Summer in Bozeman: How an OSU theatre professor is impacting rural arts engagement
Wednesday, March 15, 2023
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In the summer of 2022, Eric Barker, an Oklahoma State University assistant professor of scenic design, found himself with a Research Jumpstart/Accelerator Grant (RJAG) but nowhere to spend it; his original plans to work with the Richmond Shakespeare festival in Richmond, Indiana, had fallen through.
The RJAG grant is designed to aid faculty in getting their research up and running following the COVID-19 pandemic. Barker knew he needed to find another research project and did just that, landing the chance to work with Montana Shakespeare in the Parks (MSIP) in Bozeman, Montana.
“I had never been to Montana, let alone lived there for six weeks, so this was going to be a new experience for me,” Barker said. “After I watched a PBS documentary about Montana Shakespeare in the Parks, I was sold on this incredible opportunity and could not wait to be a part of this team.”
Barker was brought on as the properties — or props — designer, meaning he oversaw the various materials that the actors carried and utilized on stage. That included all of the furniture and set dressings, like curtains, books and photos.
With productions of Twelfth Night, set in post-Hurricane Katrina New Orleans, and King Lear, set in 1890s Butte, Montana, Barker had his hands full with research. He needed to fully immerse himself in the time periods to get a vision for how each prop would fit with each play’s time period.
“Learning the details that surrounded the exact time and location was paramount in order to design the correct period prop for each production,” Barker said. “I was responsible for designing and building anything from a throne to New Orleans funeral umbrellas.”
Adam Kukic, MSIP production manager, added that in addition to the play's historical contexts, Barker also had to consider the durability of the props. The items would be used in every production, all summer long.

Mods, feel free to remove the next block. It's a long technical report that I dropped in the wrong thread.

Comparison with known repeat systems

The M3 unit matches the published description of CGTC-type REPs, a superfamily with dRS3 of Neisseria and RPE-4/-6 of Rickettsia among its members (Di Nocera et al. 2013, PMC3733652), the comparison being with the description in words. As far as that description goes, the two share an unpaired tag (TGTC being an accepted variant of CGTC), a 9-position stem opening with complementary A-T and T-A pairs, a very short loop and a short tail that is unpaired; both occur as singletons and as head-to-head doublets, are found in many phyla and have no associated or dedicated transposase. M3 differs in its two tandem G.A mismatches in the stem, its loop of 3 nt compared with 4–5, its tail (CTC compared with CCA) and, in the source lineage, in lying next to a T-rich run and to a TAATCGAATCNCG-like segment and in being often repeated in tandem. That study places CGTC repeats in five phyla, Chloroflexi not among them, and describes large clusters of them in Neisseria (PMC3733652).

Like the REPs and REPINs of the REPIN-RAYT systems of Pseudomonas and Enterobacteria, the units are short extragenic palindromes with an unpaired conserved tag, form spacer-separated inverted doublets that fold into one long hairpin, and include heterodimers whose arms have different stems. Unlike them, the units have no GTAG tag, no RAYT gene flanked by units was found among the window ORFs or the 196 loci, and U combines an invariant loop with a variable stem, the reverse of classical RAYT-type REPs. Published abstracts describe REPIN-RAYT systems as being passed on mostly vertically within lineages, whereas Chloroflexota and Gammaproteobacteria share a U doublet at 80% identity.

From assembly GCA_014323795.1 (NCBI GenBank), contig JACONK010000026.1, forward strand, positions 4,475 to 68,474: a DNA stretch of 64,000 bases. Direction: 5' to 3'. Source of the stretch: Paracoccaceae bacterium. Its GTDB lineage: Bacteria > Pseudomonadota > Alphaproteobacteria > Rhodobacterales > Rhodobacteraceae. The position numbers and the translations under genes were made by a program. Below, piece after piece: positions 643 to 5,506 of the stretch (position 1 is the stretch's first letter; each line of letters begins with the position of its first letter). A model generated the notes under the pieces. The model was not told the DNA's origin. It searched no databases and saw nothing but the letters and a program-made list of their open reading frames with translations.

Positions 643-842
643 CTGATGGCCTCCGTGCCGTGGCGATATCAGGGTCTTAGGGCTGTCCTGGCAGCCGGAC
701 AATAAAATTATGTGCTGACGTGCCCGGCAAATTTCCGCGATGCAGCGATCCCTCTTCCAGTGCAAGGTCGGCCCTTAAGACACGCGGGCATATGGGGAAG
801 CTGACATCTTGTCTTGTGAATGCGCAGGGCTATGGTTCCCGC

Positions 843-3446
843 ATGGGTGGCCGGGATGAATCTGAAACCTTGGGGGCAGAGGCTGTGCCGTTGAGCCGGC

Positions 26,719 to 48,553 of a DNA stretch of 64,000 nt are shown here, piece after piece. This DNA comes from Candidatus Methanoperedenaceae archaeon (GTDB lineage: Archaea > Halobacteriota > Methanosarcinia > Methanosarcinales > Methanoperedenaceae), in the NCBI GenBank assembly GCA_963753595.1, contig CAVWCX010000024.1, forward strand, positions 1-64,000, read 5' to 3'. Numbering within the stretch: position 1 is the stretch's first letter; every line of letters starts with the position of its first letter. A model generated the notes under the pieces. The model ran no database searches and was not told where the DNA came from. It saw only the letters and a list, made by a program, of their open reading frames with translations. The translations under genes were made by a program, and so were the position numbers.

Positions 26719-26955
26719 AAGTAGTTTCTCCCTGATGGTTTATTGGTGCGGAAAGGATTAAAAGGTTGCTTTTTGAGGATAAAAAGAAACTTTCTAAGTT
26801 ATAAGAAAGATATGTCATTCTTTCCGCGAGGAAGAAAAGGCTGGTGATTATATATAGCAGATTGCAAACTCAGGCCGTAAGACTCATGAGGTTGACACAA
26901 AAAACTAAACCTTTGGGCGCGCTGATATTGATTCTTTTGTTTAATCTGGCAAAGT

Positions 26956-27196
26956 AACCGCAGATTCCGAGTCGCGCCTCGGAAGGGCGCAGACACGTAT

“From shackles for a prisoner to a fake Bloody Mary for a party reveler, all items must not only ‘fit’ in the world of the play, but must be safe and able to withstand nearly three -months of outdoor performances while out on tour,” Kukic said.
After opening night on Montana State University’s campus, the 11-person crew packed up the costumes, scenery and props to take the show on a 70-day tour. MSIP visited more than 60 communities and put on more than 77 performances during the summer 2022 season.
“MSIP is a unique Shakespeare company in that they tour their productions,” Barker said. “Most summer Shakespeare festivals remain in the same location after the show opens and the audience travels to see the show. MSIP focuses on the opportunity to bring productions to rural communities that otherwise might not have exposure to this type of art.”
Barker will return to Bozeman this summer to continue his work with the organization. With productions of The Three Musketeers and Measure for Measure on the schedule, he will once again find himself immersed in history and impacting thousands along the tour route.
“Eric brings much to our creative process,” said Kevin Asselin, MSIP artistic director. "He is insightful, resourceful and is able to bring the highest level of professionalism to our mission. We are thrilled to know that he’ll be back with us this summer as we embark upon our 51st season of underserved rural engagement.”
To learn more about Montana Shakespeare in the Parks, visit their website.
Story By: Erin Milek, CAS Communications Coordinator | firstname.lastname@example.org